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Anonymous group claims responsibility for HSBC DoS attack

Updated Websites downed across the world
Fri Oct 19 2012, 10:28
HSBC sign

GLOBAL BANKING ORGANISATION HSBC has confirmed that its servers were hit by a denial of service attack last night that took down a number of its websites, and the Anonymous group has been quick to take credit.

The firm does not know why it was targeted. A Twitter account called @Fawkessecurity has taken credit for the attack and has posted a statement to Pastebin.

"As some of you may be aware HSBC bank suffered several DDoS attacks on the named sites in the past hours they were all brought down by #FawkesSecurity," it says. "The proof is all in our Twitter account, Targets, time and date :) @FawkesSecurity".

A Youtube video has also been released, but no reason for the attack has been revealed.

According to HSBC's statement, no customer data was affected but customers will have struggled to access its online systems. The firm has told the authorities and is working with them on tracking down the culprits.

"HSBC servers came under a denial of service attack which affected a number of HSBC websites around the world. This denial of service attack did not affect any customer data, but did prevent customers using HSBC online services, including internet banking," it said in a statement.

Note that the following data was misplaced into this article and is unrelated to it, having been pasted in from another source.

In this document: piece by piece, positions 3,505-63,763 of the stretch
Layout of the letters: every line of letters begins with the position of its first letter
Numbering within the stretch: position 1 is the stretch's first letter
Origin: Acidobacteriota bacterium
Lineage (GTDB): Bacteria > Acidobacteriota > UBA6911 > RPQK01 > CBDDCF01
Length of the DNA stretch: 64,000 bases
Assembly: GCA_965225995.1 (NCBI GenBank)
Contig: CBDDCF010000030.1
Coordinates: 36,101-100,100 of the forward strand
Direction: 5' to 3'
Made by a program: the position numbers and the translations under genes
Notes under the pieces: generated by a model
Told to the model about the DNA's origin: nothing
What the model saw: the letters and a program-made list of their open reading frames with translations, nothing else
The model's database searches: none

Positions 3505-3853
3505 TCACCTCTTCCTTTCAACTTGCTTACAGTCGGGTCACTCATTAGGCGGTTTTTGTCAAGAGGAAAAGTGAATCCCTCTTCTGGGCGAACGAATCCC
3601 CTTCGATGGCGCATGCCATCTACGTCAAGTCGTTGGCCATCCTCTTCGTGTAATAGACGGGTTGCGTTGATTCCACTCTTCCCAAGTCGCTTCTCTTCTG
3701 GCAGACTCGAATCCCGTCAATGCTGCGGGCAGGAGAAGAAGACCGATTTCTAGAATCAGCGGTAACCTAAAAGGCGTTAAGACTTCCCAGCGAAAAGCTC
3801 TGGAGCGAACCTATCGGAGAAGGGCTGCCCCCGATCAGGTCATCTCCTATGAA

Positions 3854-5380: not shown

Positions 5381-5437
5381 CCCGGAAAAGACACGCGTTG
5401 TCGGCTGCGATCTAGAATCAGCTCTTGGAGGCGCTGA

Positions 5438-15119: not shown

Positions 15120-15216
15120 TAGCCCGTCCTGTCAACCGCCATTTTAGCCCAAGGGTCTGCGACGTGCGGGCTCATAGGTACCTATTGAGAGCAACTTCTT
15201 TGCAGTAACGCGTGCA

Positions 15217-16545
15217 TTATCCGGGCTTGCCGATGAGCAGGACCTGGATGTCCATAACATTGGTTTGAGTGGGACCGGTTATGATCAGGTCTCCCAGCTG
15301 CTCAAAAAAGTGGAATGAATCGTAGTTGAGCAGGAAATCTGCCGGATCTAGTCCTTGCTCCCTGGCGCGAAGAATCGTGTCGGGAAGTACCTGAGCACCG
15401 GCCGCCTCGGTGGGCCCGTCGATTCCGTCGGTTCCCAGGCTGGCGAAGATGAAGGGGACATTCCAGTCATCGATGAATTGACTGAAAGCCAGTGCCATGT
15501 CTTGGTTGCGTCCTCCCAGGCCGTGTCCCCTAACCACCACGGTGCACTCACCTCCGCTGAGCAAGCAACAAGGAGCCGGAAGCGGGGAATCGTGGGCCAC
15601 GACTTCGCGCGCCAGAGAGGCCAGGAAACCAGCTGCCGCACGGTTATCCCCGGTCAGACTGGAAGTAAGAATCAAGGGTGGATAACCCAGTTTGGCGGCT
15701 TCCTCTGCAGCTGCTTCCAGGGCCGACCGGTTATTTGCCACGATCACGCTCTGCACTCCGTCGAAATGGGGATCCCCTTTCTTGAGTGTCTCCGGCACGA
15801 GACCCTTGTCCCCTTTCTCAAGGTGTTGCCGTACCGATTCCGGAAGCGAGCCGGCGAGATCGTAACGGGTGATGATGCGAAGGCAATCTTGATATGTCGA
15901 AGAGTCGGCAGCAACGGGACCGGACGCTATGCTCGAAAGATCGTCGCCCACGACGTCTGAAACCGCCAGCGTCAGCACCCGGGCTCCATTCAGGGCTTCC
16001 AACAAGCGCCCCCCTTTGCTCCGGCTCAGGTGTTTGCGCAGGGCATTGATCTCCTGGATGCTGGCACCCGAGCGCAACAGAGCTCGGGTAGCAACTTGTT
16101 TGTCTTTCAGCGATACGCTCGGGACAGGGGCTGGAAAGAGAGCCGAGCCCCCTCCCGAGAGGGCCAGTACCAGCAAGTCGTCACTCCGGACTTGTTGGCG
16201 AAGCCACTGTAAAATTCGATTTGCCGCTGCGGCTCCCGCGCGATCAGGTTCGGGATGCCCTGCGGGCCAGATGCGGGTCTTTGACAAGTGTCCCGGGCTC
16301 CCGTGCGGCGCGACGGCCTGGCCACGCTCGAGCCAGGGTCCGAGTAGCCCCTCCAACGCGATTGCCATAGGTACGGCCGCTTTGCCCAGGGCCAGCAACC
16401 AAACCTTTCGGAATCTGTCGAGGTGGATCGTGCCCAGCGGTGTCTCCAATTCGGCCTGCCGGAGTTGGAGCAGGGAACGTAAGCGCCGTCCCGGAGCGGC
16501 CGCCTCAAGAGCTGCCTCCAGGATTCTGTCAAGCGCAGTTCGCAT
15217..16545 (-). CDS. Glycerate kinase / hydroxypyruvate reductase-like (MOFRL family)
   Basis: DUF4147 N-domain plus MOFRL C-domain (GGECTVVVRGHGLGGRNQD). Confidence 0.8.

"We are taking appropriate action, working hard to restore service. We are pleased to say that some sites are now back up and running. We are cooperating with the relevant authorities and will cooperate with other organisations that have been similarly affected by such criminal acts. We apologise for any inconvenience caused to our customers throughout the world."

The websites recovered a few hours later and HSBC says that everything is now back to normal. It thanked customers for their patience.

While the HSBC statement claims that no customer data has been affected, the Fawkessecurity Twitter account claims otherwise.

In a statement it disputed the bank, saying, "This isn't entirely correct. We also managed to log 20,000 debit card details." µ



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